Strategy is the link between the ‘why’ and the ‘how’. It provides crucial guardrails for decision-making, allowing decisions to be made closer to where the work gets done, which in turn promotes autonomy and ownership. These aspects foster empowerment, allowing teams and people to operate effectively and perform with agility whilst maintaining appropriate governance and risk management.
Good strategy articulates ‘what’ problem is being solved and the high-level approach, but should be carefully crafted so as not to specify the solution. Boundaries where the organisation does not intend to compete are usually implied, but in some cases may be made explicit (a Cyber Security business may wish to specify in their strategy that they don’t compete in testing physical security measures, for instance.)
Delivery & feedback
Value can only be realised once it is used by those for whom it is intended. Delivery effectiveness, therefore, is a key determining factor in how our organisation is able to create sustainable value. Effective delivery is delivering the thing right, delivering the right thing, and delivering it fast.
Value for the organisation can be unlocked by bringing users into the delivery process. When feedback loops are shortened and coupled with continuous, iterative delivery, the resulting outputs are more likely to generate value. In order to make better, faster decisions based on deep understanding and feedback loops, many organisations are embracing systems which enable co-creation of value.
Well-designed and executed organisational ways of working and agile governance systems are necessary for alignment and risk management. Creating an environment of trust and accountability, as well as a regular cadence of continuous improvement inspecting and adapting, further adds to the robustness of the organisation’s ability to deliver sustainable value.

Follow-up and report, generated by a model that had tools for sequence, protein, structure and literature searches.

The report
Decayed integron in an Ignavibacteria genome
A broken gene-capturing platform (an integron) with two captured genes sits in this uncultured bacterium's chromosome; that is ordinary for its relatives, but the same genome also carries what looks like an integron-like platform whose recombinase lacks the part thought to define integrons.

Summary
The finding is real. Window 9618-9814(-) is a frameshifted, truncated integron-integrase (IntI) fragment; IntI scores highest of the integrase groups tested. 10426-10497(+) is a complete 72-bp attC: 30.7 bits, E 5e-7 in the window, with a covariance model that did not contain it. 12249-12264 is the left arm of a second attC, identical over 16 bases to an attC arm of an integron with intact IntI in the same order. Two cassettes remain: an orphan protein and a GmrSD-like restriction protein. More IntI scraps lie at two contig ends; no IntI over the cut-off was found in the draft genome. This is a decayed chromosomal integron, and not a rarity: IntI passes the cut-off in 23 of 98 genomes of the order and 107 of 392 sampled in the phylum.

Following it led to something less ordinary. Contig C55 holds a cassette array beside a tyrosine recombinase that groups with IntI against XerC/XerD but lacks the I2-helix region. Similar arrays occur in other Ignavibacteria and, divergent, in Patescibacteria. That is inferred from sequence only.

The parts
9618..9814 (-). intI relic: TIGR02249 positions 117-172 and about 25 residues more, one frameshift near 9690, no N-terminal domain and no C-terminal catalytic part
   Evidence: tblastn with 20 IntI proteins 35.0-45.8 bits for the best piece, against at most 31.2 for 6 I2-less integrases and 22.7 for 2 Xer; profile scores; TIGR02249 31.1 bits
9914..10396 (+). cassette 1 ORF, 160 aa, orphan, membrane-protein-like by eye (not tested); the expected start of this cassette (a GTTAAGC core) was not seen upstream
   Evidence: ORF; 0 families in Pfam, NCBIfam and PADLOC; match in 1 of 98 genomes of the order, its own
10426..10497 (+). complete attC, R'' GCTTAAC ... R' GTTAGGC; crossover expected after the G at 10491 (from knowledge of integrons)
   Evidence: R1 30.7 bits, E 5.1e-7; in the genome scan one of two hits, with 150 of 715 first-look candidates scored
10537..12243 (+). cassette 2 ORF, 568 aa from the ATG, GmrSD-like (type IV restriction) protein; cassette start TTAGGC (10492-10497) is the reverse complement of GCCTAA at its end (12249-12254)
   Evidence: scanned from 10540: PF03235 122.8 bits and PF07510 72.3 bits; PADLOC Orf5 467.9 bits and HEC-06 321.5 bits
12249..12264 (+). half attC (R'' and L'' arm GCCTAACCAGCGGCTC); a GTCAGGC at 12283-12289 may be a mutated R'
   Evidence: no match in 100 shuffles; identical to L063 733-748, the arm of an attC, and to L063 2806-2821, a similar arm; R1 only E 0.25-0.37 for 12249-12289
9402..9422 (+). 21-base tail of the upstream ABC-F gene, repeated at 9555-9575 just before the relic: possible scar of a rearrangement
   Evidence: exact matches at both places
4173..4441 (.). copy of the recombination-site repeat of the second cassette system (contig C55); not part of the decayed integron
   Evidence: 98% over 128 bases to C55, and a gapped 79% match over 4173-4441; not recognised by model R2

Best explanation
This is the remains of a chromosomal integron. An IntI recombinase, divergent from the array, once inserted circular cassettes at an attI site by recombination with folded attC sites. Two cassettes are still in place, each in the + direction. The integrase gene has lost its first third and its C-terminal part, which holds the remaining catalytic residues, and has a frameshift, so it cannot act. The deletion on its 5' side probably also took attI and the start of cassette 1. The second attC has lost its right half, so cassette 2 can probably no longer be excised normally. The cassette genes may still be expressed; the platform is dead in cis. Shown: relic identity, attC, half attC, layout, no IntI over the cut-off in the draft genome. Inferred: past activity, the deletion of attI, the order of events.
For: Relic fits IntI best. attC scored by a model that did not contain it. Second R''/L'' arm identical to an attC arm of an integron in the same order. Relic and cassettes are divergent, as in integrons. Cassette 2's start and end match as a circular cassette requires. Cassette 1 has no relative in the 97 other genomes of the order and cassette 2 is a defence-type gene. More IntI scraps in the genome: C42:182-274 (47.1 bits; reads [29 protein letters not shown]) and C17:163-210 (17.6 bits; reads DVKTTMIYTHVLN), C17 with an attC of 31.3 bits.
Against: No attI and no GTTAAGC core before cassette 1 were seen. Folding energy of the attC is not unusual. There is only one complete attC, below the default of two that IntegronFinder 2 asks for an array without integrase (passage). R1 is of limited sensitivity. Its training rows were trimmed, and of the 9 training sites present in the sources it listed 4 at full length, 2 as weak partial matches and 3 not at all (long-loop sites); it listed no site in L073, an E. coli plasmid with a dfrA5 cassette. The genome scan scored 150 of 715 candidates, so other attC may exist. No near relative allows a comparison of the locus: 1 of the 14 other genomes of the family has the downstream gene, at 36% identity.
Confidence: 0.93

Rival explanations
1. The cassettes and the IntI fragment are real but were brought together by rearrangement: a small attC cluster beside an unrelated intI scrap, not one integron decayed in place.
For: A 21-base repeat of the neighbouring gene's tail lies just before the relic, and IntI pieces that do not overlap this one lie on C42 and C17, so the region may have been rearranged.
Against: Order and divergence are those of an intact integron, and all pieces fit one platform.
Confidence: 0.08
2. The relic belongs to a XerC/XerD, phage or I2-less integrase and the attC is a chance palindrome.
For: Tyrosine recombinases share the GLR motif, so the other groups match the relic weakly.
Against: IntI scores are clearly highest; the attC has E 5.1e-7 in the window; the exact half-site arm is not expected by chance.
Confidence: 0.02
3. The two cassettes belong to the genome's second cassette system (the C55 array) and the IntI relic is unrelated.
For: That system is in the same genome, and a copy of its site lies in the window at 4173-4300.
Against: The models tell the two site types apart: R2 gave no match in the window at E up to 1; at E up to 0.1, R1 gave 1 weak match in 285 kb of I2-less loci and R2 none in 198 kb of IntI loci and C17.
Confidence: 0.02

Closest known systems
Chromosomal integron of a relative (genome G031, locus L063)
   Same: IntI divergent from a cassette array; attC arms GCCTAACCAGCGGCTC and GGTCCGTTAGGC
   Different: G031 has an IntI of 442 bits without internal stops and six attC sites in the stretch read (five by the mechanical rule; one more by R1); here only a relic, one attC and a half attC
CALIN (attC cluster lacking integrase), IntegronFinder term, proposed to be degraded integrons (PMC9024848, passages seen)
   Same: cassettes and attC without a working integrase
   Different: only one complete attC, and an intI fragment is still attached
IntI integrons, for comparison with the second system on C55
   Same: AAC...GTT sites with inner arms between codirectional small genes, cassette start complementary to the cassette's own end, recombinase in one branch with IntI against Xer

Bringing it all together
A Product-led organisation exhibits several key attributes in the way it is designed and runs.
We expect a Product-led organisation to be value driven – balancing user, business & visionary perspectives. Data & insight from experiments inform decision-making, and clear vision and strategy provide guardrails for decisions to be decentralised. Empowered teams deliver value continuously in iterations, adjusting and improving based on user feedback.
The User, Business and Visionary lenses help to reveal and challenge how sustainable value is created by the organisation. The supporting mechanisms of Insight & experimentation, Strategy and Delivery & feedback allow the organisation to pivot and take action to adjust and influence the balance between perspectives.
This model can be useful in evaluating how your organisation creates value from different perspectives, identifying areas which are over or under-indexed and how to influence them, and progress towards becoming more Product-led. While this article has focused on the organisational level, there is no reason why it cannot be used at product or even significant feature level depending on your role and where your organisation is on its Product-led journey.
For more insights on this topic, read my previous article: Five tried and tested ways to build better products